Josiah Turner is on the move yet again.
The former Sacramento Bee Player of the Year who attended four high schools and was set to attend his second college will now focus on a professional basketball career, the 6-foot-3 guard told Yahoo! Sports this week.
Turner hopes to sign a contract with a team overseas or with the NBA's Development League in hopes of reaching the NBA.
Turner was dismissed from the Sacramento High program in the middle of his senior season in 2010-11 for missing practices and games, and he was dismissed from the University of Arizona last season for myriad disciplinary reasons.
Turner, a five-star prep recruit, was the first player longtime NBA coach Larry Brown landed at SMU in April. Turner has been working out in Los Angeles since spring and never enrolled into SMU.
"I had to step back and reevaluate what my main goal and my dream was," Turner told Yahoo!. "My dream is to be a professional athlete in the NBA and I think this is what's going to bring me closer to it. In college, you get your degree and everything, but going pro is getting me closer to my dream and what I want to do in life."
Turner lost his starting point guard job at Arizona early in the season and was benched a total of five games for two separate suspensions. He was suspended for the remainder of the season on the eve of the Pacific 12 Conference Tournament and removed from the team.
In April, Turner was arrested by Arizona campus police for driving under the influence. He was also cited for being minor operating a vehicle wile intoxicated, and, according to the Arizona police report, Turner did not have his driver's licence, registration or proof of insurance of the car. In talking to Yahoo!, Turner admitted that alcohol and marijuana were "big issues" that troubled him at Arizona.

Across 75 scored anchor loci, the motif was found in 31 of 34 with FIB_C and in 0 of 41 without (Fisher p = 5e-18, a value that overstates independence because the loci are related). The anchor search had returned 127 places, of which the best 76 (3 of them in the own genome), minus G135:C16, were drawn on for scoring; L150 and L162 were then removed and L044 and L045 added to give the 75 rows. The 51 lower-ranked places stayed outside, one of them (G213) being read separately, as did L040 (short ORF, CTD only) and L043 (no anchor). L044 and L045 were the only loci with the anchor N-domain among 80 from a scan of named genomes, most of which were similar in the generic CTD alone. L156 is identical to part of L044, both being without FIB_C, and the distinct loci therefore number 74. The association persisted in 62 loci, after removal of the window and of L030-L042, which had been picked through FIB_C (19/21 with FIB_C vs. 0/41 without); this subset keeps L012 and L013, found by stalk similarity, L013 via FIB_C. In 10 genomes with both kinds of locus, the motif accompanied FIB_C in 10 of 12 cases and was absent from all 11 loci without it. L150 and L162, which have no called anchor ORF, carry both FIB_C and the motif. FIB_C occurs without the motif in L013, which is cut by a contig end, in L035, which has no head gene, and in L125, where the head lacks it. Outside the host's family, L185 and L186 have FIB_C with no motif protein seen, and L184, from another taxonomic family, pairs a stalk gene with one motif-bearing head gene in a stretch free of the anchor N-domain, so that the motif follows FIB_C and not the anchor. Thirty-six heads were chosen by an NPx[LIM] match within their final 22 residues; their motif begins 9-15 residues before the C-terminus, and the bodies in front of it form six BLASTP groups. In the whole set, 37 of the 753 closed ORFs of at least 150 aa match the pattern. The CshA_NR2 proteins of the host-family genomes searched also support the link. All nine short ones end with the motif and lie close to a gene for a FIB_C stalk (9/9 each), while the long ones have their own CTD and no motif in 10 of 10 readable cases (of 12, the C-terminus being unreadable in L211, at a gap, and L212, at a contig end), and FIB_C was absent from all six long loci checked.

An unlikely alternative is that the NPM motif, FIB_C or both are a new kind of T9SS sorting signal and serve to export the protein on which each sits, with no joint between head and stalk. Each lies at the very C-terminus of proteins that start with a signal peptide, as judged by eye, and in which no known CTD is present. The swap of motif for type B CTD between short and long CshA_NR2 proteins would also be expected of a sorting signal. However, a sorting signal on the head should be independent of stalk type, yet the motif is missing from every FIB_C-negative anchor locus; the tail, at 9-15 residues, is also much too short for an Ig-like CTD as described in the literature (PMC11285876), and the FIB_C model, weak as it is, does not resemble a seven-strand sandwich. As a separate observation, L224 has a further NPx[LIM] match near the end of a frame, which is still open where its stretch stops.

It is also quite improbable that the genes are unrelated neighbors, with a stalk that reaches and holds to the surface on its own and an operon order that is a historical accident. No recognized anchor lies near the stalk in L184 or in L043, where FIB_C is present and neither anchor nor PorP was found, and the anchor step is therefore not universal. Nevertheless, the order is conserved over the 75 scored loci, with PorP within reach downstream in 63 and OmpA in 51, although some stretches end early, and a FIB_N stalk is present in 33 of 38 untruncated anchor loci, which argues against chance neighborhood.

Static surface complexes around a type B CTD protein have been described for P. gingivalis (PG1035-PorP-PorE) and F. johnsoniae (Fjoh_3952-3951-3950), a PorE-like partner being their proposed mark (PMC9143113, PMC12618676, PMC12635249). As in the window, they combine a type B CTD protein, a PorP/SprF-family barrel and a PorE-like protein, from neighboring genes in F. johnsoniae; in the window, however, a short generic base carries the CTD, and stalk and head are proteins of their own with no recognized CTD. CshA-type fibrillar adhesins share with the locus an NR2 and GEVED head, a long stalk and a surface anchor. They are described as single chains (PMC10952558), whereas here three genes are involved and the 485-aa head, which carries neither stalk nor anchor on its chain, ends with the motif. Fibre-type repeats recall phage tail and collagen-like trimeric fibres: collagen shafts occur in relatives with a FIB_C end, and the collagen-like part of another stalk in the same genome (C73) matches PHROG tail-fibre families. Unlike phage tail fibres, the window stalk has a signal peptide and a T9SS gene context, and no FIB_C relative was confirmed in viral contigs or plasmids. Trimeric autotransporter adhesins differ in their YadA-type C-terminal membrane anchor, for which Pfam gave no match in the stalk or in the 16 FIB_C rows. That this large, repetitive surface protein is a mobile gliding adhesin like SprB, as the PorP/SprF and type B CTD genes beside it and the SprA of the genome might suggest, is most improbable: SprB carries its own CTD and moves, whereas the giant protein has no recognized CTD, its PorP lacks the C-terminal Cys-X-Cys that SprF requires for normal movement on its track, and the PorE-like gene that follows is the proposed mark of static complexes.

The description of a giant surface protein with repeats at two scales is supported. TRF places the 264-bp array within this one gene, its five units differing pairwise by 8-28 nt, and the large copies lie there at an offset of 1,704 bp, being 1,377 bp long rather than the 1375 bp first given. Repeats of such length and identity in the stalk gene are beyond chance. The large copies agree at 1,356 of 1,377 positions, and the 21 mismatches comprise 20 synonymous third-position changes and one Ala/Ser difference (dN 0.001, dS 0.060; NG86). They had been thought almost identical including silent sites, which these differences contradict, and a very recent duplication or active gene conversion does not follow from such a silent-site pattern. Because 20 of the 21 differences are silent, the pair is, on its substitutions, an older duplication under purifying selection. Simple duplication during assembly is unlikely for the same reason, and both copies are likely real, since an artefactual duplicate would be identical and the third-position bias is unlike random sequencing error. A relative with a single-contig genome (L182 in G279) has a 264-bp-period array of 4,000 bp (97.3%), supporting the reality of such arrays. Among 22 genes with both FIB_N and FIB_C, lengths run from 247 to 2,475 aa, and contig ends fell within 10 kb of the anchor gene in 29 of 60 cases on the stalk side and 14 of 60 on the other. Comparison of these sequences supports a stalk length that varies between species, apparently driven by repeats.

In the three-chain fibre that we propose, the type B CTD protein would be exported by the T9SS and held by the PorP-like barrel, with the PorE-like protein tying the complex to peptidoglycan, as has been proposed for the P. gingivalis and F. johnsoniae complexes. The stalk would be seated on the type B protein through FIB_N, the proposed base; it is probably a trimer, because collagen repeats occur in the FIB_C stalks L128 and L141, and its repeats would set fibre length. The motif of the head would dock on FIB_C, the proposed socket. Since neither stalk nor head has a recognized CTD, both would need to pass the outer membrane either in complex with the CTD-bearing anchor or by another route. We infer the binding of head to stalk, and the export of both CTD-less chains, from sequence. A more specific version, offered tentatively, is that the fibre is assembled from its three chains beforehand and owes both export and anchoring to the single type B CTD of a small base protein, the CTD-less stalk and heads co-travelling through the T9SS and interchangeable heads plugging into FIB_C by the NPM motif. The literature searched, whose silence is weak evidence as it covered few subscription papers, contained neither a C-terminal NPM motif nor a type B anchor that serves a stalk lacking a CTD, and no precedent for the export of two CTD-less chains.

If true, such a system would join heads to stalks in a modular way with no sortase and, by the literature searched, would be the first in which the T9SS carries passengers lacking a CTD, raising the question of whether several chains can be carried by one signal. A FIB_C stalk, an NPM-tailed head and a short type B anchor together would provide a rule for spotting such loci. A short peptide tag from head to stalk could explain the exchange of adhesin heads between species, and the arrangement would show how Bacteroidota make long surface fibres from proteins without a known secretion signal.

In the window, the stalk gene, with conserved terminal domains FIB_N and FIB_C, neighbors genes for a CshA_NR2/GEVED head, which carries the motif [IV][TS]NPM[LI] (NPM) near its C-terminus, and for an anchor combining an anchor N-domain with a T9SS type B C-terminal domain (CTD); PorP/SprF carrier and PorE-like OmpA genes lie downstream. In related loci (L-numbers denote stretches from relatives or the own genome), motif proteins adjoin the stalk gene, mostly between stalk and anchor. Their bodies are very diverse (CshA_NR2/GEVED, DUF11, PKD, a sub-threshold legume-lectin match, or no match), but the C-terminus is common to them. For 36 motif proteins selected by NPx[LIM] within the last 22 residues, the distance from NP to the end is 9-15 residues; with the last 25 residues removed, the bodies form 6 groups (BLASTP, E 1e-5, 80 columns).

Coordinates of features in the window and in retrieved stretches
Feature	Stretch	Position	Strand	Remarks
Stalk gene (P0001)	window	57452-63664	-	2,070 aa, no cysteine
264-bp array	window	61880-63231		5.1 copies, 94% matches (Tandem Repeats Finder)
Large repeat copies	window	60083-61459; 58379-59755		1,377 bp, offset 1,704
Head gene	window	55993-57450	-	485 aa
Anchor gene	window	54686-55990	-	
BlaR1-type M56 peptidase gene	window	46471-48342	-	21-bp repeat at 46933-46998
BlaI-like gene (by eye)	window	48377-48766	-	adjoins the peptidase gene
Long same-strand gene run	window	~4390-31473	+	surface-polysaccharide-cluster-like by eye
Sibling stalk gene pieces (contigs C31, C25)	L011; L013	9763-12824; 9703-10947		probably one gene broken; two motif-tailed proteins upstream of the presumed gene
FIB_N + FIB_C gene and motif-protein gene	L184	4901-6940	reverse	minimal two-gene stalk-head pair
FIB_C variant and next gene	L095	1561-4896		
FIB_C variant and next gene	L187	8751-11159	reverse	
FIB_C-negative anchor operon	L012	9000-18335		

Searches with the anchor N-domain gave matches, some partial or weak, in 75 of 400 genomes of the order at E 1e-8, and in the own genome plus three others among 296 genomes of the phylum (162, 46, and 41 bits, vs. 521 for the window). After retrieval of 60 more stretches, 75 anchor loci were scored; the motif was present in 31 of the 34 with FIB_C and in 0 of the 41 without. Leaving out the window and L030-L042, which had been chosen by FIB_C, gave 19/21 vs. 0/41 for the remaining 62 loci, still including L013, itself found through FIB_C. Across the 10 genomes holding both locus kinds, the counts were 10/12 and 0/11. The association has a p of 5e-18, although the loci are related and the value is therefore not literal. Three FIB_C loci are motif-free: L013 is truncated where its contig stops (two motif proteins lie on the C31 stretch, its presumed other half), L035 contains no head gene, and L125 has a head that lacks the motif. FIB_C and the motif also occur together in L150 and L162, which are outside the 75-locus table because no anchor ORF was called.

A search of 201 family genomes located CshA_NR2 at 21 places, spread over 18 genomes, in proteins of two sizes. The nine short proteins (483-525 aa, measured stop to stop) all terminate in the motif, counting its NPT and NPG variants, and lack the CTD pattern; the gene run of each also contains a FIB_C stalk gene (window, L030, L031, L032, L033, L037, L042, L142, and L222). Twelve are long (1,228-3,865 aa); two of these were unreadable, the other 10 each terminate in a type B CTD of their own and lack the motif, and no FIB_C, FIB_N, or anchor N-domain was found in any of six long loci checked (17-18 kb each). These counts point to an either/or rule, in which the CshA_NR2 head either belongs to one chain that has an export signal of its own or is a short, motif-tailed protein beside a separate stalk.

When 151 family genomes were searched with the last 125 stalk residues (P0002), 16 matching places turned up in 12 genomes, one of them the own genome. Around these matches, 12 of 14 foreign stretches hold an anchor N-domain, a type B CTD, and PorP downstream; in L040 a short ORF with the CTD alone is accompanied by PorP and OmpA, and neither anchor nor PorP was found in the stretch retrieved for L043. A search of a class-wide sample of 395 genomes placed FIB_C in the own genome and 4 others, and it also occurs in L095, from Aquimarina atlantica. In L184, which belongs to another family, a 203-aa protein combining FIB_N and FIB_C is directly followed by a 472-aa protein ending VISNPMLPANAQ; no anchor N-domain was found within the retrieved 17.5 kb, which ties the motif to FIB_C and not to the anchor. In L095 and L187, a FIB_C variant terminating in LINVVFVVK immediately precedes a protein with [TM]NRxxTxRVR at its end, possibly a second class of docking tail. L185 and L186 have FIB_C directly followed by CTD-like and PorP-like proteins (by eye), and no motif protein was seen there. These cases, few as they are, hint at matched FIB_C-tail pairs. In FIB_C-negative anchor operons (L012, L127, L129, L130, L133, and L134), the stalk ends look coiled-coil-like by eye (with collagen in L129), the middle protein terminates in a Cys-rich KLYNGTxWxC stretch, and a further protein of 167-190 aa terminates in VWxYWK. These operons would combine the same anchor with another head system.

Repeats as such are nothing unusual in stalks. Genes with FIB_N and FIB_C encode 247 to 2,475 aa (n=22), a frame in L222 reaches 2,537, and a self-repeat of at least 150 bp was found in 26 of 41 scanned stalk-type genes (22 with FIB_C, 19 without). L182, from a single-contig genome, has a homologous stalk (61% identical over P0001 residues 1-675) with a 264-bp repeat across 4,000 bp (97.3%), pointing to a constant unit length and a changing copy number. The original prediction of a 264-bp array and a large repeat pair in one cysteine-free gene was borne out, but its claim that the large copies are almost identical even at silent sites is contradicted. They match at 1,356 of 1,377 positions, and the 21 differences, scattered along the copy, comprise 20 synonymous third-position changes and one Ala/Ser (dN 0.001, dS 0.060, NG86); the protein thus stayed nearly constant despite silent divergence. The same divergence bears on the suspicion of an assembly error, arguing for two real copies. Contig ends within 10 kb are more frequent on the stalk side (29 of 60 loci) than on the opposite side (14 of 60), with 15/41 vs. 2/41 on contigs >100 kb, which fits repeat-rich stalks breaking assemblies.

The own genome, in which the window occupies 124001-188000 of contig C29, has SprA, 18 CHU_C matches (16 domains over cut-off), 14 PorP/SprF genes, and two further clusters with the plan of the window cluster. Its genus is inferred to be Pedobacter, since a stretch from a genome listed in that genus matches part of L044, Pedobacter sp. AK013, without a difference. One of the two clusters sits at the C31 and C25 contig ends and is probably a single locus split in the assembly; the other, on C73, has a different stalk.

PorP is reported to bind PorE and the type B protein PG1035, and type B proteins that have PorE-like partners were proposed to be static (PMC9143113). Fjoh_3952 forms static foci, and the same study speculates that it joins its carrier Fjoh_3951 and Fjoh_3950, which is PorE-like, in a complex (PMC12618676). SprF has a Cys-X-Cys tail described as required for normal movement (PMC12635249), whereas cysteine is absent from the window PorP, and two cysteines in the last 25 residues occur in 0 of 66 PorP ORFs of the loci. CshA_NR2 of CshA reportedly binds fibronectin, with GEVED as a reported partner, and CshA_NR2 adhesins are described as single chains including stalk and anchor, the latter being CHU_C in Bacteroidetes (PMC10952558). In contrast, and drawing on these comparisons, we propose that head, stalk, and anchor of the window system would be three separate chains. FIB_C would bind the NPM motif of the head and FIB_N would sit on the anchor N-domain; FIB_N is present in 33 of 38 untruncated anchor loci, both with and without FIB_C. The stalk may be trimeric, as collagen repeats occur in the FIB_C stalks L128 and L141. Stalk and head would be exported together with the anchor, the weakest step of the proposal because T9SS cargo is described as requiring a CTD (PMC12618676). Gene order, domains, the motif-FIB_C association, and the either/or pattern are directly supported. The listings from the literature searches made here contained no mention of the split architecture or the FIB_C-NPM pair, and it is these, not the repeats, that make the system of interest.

"My maturity level now is way higher than it was when I was in Arizona," Turner said. "I was young. I made mistakes. I just learned a lot from last year thinking about where I could be at right now and thinking about the things I did last year. It was all stupid."
Turner averaged 6.8 points and 2.4 assists at Arizona after a mixed prep career. He started as a freshman at Cordova High, switched to Sac High for his sophomore season. He was The Bee's Player of the Year his junior season when he averaged 27 points.
Turner then enrolled at Sheldon High for the start of his senior season, but returned to Sac High after nine days. Turner's goal of leading the Dragons to a state championship fizzled personally when he was removed from the team after just 10 games. He was allowed back into the program, with the understanding that his missed practices and games would result in what Sac High coach Derek Swafford deemed "consequences."
The reunion never materialized. Turner's family made it clear that they were exploring the idea of Turner attending a prep school on the East Coast. Turner wound up at Quality Education Academy in Winston-Salem, North Carolina.
One of the issues at Sac High was Turner's disappointment and his mother's disgust that he wasn't shooting as much as a senior as he did as a junior. Turner's average dipped to 22 a game as a senior, but the team around him was better, more balanced. Swafford pulled starters when his team led by large amounts in the fourth quarter to provide depth and to not humiliate opponents and he refused to make exceptions.
Swafford and Turner's mother, Doris Ward, clashed over this repeatedly. Turner and Ward no longer speak to The Bee despite repeated efforts. Turner told Yahoo! this week he is ready to be a better role model.
"I just can't wait to show everyone that I'm a new person and that my maturity level is higher," he said. "I lost a lot of fans, a lot of younger people that looked up to me. I want to earn them all back and take advantage of the new start."
On a personal note, we always found Turner to be friendly, accommodating and insightful during his prep days, not to mention a terrific talent on the court. Late in his junior season, Turner spoke passionately about the structure and discipline provided by his Sac High coaches, particularly Swafford, and also of the pressure to succeed to satisfy his family, his friends, his school.
An NBA executive I spoke to off the record today said Turner has "talent and some skills, but he needs work, and he needs to grow up before anyone takes a serious look at him."
At 20, Turner has plenty of time. It's up to him.
What the Turner saga also tells us is that he nor his mother were never really satisfied with where they were, in high school or college. The answer was to bail out of practice to make a stand, or, ultimately, to move on. Patience works in this game, too. A lot.
- By Joe Davidson
On Twitter: sb_joedavidson